Moderated Discussion Areas
ContinuousWave: Small Boat Electrical
Parasitic Current Battery Drain
|Author||Topic: Parasitic Current Battery Drain|
posted 05-11-2012 12:38 PM ET (US)
My 1996 Johnson 50-HP tiller model has electric start and trim-tilt. The only thing connected to the battery has been the engine cable. Lights not connected. Within seven days, a fully charged battery is drained. The motor has not been run--just sitting in the garage. What could cause the current drain?
posted 05-11-2012 01:40 PM ET (US)
The first obvious question is like asking a driver who's car has stopped if there is any gas in the tank.
Is the battery good? Does the battery stay charged if unhooked from the motor?
If that's not it, I'll leave it to the more knowledgable people on the site.
posted 05-11-2012 01:57 PM ET (US)
Yes, the battery holds full charge if not connected to the motor. Also, the battery is less than a year old.
posted 05-11-2012 03:25 PM ET (US)
You have a short or a open circuit some where (or something was even left on). I would try and trace all of your wires see if you can find something, also when the boat is sitting its always best to disconnect the battery (battery kill switch is nice I like the one made by Hella) this makes sure there is no current running from the battery. Good luck
posted 05-11-2012 06:00 PM ET (US)
Thanks for both responses. I have already planned on installing the Hella battery cutoff switch. But, somehow, I feel this is bypassing the source of the drain. After looking over the motor, I see on the tiller handle, about in the middle on the side of the handle, is a 1 to 1-1/2 inch opening molded into the handle that looks suspiciously like it may have contained an ignition keyswitch. Nothing in there now. If that is so, then, the ignition would have to always be in the "on" position electrically, and that could be the cause. Anyone know if this is so?
posted 05-12-2012 08:19 AM ET (US)
If the only device electrically connected to the battery is the outboard engine, and if the battery remains charged when disconnected from the outboard engine, then the source of the parasitic current discharge must be in the outboard engine or the wiring to it.
It would be unusual in my opinion for the outboard engine to be designed with a parasitic current drain, so I would presume that the parasitic current drain must be caused by some sort of non-standard condition. A couple of things come to mind:
If the outboard has power trim-tilt this usually means it has an alternator for charging the battery. The output of the alternator is always connected to the battery. In an alternator are electrical rectifiers or diodes. Typically in smaller outboard engines there is no voltage regulation, and the alternator diodes are in direct connection to the battery. A diode that is working properly has a very high back-resistance, that is a high resistance to flow of current in the reverse-biased direction across its junction. However, it is a common malfunction that a diode breaks down, and the back-resistance becomes much lower than normal. Such a bad diode in the alternator will create a parasitic current drain on an attached battery. This should be detectable by temporarily disconnecting the rectifier--usually contained in a small assembly--and testing the forward-resistance and back-resistance of the diodes with a test meter.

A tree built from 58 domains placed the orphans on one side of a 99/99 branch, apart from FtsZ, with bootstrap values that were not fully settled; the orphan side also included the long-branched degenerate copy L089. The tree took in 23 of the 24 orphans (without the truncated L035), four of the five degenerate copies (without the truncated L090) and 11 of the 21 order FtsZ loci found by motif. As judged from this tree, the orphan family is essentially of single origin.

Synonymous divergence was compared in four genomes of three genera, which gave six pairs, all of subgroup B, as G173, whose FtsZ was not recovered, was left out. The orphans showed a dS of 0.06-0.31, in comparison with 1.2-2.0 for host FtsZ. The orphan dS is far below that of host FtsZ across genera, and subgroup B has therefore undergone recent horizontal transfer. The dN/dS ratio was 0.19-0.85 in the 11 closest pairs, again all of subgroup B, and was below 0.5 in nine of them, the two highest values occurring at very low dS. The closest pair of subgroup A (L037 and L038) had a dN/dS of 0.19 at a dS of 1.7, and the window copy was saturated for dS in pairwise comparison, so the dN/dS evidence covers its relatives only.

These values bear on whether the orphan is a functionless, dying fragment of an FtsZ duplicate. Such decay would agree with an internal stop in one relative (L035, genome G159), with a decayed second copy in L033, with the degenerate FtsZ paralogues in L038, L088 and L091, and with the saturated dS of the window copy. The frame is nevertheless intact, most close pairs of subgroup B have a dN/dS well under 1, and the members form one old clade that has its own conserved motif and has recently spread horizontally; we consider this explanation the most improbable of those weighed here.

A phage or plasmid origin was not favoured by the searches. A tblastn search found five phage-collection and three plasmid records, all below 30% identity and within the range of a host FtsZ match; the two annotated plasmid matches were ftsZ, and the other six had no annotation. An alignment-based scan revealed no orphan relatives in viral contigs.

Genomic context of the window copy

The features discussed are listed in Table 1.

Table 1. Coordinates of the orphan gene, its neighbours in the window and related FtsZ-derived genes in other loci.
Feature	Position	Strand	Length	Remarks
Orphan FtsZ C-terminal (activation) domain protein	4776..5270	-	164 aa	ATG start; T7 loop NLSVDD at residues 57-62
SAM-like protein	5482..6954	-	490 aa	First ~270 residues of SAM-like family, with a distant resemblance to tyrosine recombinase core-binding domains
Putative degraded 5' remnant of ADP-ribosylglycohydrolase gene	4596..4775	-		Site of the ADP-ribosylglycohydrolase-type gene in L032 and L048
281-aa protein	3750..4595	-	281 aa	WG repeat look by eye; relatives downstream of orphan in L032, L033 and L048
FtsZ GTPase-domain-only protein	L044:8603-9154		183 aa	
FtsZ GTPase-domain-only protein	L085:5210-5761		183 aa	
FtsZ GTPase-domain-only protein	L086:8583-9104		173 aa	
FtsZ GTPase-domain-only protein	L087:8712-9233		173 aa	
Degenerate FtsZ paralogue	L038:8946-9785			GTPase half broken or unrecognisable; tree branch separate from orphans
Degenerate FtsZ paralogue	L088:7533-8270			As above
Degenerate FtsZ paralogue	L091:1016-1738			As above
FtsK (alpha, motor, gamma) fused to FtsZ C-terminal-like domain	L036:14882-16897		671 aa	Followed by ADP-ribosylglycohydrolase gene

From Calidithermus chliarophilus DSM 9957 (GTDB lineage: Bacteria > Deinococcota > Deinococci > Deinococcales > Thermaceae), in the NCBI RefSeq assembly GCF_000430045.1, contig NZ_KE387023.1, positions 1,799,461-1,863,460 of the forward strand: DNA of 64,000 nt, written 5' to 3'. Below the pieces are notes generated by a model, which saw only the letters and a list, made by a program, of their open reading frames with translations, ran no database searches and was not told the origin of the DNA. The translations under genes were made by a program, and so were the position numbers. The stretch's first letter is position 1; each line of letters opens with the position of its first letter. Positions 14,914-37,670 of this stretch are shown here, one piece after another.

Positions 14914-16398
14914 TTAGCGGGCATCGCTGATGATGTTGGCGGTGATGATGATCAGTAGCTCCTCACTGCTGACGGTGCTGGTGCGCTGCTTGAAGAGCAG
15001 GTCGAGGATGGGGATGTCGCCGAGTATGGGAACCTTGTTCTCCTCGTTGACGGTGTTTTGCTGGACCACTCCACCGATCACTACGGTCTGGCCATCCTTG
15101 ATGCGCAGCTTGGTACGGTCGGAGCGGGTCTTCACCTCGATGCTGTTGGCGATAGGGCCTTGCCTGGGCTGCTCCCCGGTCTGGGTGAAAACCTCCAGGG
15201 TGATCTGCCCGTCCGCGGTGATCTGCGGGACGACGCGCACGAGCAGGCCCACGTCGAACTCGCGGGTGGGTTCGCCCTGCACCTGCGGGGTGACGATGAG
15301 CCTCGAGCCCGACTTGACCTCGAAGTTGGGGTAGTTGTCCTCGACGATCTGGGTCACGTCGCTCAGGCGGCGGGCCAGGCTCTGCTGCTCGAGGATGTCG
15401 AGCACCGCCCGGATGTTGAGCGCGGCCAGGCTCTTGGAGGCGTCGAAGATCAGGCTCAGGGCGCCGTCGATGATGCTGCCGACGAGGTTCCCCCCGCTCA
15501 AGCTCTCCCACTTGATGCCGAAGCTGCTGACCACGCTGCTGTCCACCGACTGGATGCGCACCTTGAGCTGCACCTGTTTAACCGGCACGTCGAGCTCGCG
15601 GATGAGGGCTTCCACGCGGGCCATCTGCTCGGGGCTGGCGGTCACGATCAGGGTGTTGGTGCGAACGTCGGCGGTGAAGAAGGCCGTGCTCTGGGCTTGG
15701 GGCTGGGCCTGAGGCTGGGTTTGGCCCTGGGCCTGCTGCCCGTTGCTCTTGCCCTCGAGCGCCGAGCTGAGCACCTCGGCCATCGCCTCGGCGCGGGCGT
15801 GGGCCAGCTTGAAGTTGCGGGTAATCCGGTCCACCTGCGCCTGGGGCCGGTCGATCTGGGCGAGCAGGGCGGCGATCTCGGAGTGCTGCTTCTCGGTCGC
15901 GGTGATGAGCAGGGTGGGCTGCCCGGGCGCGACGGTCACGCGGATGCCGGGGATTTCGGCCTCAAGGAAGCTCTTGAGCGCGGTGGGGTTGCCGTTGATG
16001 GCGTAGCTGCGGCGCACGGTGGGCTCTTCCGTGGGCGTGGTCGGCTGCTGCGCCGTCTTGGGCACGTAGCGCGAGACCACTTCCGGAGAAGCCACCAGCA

Another possible cause for a parasitic current could be a build-up of corrosion at a terminal post or other connection in the positive circuit that has bridged over to the engine block or negative circuit. This should be detectable with a close visual inspection.
posted 05-12-2012 09:41 AM ET (US)
Jim, you're probably onto something. Looking at the parts blowups, I cannot find a diode shown or listed. I don't see an alternator listed, either, unless the starter serves as a charging device. In any case, my rudimentary test of continuity from hot to ground on the battery cables(disconnected from the battery) shows there is current flow from positive to ground. I'm not informed enough to know if that would be a normal state or not. I tested what I suspect might be the part containing a diode. I have continuity even when I reverse the polarity on the test leads, but one direction shows a significantly higher reading (4-5 times greater at least). I suspect it's time to have a technician look at it...
posted 05-12-2012 04:44 PM ET (US)
I looked at SHOP.EVINRUDE.COM for the parts breakdown, and I did not see a rectifier listed, either. I expected an engine with power-trim and electric start to have a battery charging circuit. Maybe I looked at the wrong model. What is your engine's exact model designation?
posted 05-12-2012 07:40 PM ET (US)
Check for capacitors. A failed capacitor could allow current leakage.
posted 05-13-2012 04:17 PM ET (US)
The other cause of a parasitic drain could be a GPS being hooked up to it. The antenna on my old GPS used to kill my battery, even when the unit was off. Stopped when I put a battery switch in.
posted 05-14-2012 11:58 AM ET (US)
Thanks for all the advice. Before I could trace the problem, the motor was sold. The buyer is aware of the parasitic drain issue...
Purchase our Licensed Version- which adds many more features!
© Infopop Corporation (formerly Madrona Park, Inc.), 1998 - 2000.